Sunday, October 7, 2012

“Slice of Life” has been off late my favorite cinematic genre. Be it “Wake up Sid” or “English Vinglish”, the magic of these movies lies in the fashion in which finer nuances of life are captured. The biggest advantage “English Vinglish” has is its storyline –which will be immediate connect to all Indians particularly middle class women –who more often than not have struggled to speak English – which unfortunately is one of the basic qualifying criteria for being a good mother to their kids or equal spouse to their husbands.

“English Vinglish “traces the story of one such house-wife and a caring mother, Shashi, proficient not only in her house-hold work, but also runs a small in-house business of supplying “Ladoo” in marriages successfully. But all these are not good enough, to rank herself equal, among her husband & kids. So she finds her confidence gets rebuked at slightest instances, when she fails to spur out English. While she silently suffers the pain, her family largely remains aloof or chooses to overlook the same. But destiny changes, when Shashi embarks upon a journey alone to New York, to get her niece successfully married and in the process, ends up discovering a new her, oozing with confidence.

Life is also very strange, when we don’t find love & respect among our close ones; it often comes from unexpected quarters who ends up making us feel special. As Shashi finds such warmth in her co-mates in English Class or a staunch supporter in her niece, who supports her in her mission to learn English. It takes her a while to digest the fact that someone random finds her special. The movie captures beautifully small moments of joy without getting too melodramatic or preachy at any point of time. The movie is light at heart with good dose of humour. The music of the film is so soothing to the ears, and perfectly blends with the storyline of the movie. The moments of joy of Shashi when she celebrates small victories over English language with her co-class mates, or her feel-good moments with French classmate and dilemma at the same time, forms the high points of the movie.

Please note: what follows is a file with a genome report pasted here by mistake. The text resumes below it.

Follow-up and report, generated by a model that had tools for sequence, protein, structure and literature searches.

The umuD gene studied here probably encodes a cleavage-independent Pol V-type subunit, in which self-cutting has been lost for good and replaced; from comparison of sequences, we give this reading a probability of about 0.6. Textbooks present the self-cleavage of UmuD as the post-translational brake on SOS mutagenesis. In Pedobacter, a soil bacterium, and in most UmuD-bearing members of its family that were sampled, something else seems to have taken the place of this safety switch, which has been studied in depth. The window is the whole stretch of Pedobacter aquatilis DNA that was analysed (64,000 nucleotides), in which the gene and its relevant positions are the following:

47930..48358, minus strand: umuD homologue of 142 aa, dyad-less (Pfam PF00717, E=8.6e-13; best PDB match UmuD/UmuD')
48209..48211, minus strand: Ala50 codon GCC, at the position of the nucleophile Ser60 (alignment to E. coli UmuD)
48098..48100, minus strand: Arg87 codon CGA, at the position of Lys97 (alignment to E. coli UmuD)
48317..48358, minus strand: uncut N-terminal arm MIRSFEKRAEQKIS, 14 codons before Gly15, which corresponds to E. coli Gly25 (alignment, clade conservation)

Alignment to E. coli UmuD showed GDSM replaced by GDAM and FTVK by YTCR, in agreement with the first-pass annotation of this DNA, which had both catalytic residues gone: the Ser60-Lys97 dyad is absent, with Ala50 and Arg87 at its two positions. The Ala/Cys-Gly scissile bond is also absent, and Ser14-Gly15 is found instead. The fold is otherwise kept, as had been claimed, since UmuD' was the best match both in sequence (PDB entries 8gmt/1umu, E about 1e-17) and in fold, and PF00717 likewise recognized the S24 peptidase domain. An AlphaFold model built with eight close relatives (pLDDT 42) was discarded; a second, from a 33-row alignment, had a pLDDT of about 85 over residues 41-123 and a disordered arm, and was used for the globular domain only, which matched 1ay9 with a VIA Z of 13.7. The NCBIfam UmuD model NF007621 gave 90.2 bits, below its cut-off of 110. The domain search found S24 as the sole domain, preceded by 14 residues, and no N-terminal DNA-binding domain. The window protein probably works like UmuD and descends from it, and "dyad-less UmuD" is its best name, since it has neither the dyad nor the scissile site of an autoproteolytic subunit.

Sridevi acts as if she was born to play Shashi. One would fall short of adjectives to describe the √©lan with which she plays the role – in one word “impeccable” – her eyes almost traces the graph of the story – from her pain to joy or her dilemma to confidence. Truly, class is permanent. Always believe to make a great film, supporting cast has to be equally strong – and “English Vinglish” can boast of each of them. Be it Mehdi Nebbou as her French admirer or Adil Hussain as a insensitive husband or her empathetic niece, each of them are stellar in their individual performances. The fact that each of the character is so well defined only adds to the realistic value of the film.

Final words of the film needs to be reserved for the hero of the film- Gauri Shinde – who has crafted this masterpiece – Take a bow, lady !!!! While the credit rolls, it drives home two very important point – if you love some-one or vice versa, that doesn’t give you a right to treat him or her as door-mat, respect is as important as love and if it takes a French suitor to make a Indian wife or mother to make her realize her true self and most importantly serves as a wakeup call for their husbands, so be it!!!!!!

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